The V&A has an extensive photography collection, and opened a fantastic photography centre with no less than seven galleries in 2018. Now it's time for phase two — an additional four galleries have been added to the centre, featuring a walk-in camera obscura and a timeline of how cameras have evolved.

Photography Centre - Part Two at V&A. From 25 May, free.

11. Super cool: The Polar Silk Road at Natural History Museum

© Gregor Sailer

As the Arctic sea ice melts, it will open up new trade routes, which will subject the area to greater travel, research and exploitation. Gregor Sailer's photographs capture this changing environment, including striking images of the buildings designed for the Arctic climate.

The Polar Silk Road at Natural History Museum. Opens 26 May, free.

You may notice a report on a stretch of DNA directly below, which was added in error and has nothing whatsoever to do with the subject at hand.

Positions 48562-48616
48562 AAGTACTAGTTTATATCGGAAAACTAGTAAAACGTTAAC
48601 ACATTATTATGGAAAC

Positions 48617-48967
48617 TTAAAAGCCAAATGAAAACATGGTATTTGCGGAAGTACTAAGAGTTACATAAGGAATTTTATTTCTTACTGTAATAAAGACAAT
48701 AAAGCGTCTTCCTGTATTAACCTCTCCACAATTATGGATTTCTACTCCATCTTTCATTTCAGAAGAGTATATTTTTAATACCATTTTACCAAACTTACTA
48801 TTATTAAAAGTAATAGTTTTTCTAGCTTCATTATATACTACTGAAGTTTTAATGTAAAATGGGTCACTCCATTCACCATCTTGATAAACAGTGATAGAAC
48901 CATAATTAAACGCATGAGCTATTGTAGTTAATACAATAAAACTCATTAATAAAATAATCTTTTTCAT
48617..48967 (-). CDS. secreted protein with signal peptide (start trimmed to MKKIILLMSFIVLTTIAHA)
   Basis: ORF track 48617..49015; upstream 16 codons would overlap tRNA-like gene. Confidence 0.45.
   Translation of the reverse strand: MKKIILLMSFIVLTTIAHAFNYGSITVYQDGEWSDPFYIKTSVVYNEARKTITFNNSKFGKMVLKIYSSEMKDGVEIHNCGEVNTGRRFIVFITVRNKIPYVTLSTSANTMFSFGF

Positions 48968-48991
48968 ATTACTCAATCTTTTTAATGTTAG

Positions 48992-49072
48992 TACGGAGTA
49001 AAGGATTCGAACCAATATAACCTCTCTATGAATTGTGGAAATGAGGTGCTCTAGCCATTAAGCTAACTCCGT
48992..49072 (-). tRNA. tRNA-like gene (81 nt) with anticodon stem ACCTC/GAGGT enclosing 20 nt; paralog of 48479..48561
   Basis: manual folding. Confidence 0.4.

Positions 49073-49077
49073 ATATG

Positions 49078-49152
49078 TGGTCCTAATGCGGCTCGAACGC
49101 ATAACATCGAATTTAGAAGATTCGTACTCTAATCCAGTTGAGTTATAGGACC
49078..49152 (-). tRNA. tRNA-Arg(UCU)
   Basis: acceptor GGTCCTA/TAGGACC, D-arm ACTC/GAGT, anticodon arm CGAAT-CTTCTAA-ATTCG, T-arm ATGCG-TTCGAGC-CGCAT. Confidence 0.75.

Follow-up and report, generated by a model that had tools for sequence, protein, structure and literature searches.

Short run events

Martin Parr is this year's master of photography at Photo London. Copyright Martin Parr.

A couple of art fairs arrive in London this month with the gargantuan Photo London taking over Somerset House (10-14 May, from £22)  with photographers and photography galleries filling every space in the venue, including the courtyard. This year's special 'master of photography' display will be dedicated to Martin Parr and his snaps of everyday life.

A shot from last year's Affordable Art Fair in Hampstead

Hampstead Heath plays host to the Affordable Art Fair (11-14 May, from £10) where you may find the piece for your home that you've been looking for, thanks to a wide range of international galleries showcasing their artists.

And to check out work that art students are making as they start out on their journey, City & Guilds London Art School* will be showing the fruits of their foundation students (17-20 May, free), and we get to see the culmination of their course.

* Disclosure: the author of this piece is a trustee of City & Guilds London Art School